Arts & Culture

Alexander Portnoy is Bad for the Jews

Alex Portnoy: fictional poster child for my people, curious little Yid, anti-Holden Caulfield, insufferable little prick; I wonder if you know how much damage you’ve caused? According to this essay, Portnoy’s Complaint is forty years old this year.  And while … Read More

By / March 15, 2010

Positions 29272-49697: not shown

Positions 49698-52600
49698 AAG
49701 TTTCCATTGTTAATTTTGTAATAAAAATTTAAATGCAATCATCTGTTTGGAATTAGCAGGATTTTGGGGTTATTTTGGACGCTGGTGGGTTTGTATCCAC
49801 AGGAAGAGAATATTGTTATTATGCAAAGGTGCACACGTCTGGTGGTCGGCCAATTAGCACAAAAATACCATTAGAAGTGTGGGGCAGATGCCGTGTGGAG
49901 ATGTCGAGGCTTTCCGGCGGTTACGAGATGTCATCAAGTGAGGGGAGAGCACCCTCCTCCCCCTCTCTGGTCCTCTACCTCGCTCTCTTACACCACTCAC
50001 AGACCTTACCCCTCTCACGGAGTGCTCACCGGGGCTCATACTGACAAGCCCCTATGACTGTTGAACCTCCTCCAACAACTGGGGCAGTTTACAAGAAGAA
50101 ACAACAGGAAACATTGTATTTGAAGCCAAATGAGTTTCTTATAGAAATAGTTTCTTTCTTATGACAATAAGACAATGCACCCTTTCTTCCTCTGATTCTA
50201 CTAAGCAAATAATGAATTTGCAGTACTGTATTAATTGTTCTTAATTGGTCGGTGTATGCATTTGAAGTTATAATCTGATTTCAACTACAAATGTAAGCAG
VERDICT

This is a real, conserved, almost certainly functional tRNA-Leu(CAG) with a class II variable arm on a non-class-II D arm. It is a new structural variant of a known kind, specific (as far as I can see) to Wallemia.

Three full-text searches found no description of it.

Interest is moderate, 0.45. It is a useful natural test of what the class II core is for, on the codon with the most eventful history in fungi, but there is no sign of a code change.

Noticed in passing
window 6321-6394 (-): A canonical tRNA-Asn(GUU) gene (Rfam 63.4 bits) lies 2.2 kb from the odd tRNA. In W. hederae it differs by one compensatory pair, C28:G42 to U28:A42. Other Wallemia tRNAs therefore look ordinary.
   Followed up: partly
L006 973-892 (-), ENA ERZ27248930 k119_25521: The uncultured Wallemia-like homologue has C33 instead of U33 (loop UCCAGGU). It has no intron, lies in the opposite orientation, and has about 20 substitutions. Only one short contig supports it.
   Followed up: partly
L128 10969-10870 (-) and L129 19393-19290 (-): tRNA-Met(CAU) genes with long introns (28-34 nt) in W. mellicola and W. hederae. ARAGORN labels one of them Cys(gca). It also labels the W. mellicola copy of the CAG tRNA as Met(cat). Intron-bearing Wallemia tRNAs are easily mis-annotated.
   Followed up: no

Alex Portnoy: fictional poster child for my people, curious little Yid, anti-Holden Caulfield, insufferable little prick; I wonder if you know how much damage you’ve caused? According to this essay, Portnoy’s Complaint is forty years old this year.  And while the author of that essay is off on his math (Portnoy’s Complaint came out in 1969, making it 41), it got me thinking that whatever age the book is turning, I don’t want to celebrate it’s introduction; I really wish everybody would just stop talking about it already! Many hail Portnoy’s Complaint as the masterwork of a man who may be the greatest living American novelist.  I won’t argue with Philip Roth’s stature here; I’m an avid fan, and enjoy his books a great deal.  When it comes to his work, I’d say he is best represented by his first book, Goodbye, Columbus, the chilling alternate history of The Plot Against America, or the largely autobiographical works of the Zuckerman series.  Plus, of all the writers from his generation, he has the least amount of crap in his canon (sorry Norman Mailer and John Updike), and even though he’s become a crotchety bastard in his old age, when Roth speaks, it’s always worth it to listen.  So don’t think I’m knocking Roth’s legacy; instead, this is simply a plea for the world to stop using Portnoy’s Complaint as the go-to novel when discussing Jewish literature.  While Jews in Europe have long been portrayed as big-nosed devils hell-bent on poisoning the wells, making matzoh with gentile baby blood, and enslaving everybody on the continent, it would seem that the common caricature of today’s Jew is either associated with the liver-fucking hornball Alexander Portnoy, or the bespectacled anti-mensch (who shares many of the same neurosis as Portnoy), Woody Allen.  They are both feeble, neurotic, and sexually misguided, and for over forty years, American Jews have dealt with these stereotypes, and as much as it pains me to say it, I blame Portnoy’s Complaint.  But is it Roth’s fault?  He’s a writer, not a prophet.   In reality, It’s the fault of lazy critics who either don’t have the knowledge to give a better example, or they doubt the intelligence and scope of the people reading their reviews.  Inevitably, if you read ten reviews of any recent Jewish writer –from Gary Shteyngart to Rachel Shukert– you are going to find a comparison to Portnoy’s Complaint.  I don’t need to give you a history lesson about Jews and literature: go pick up the 1,100 page Jewish American Literature: A Norton Anthology if you need a good primer.  All I know is that sometime in the last 40 years, some braniac placed Portnoy’s Complaint next to the Torah and the Talmud in the Jewish holy book section.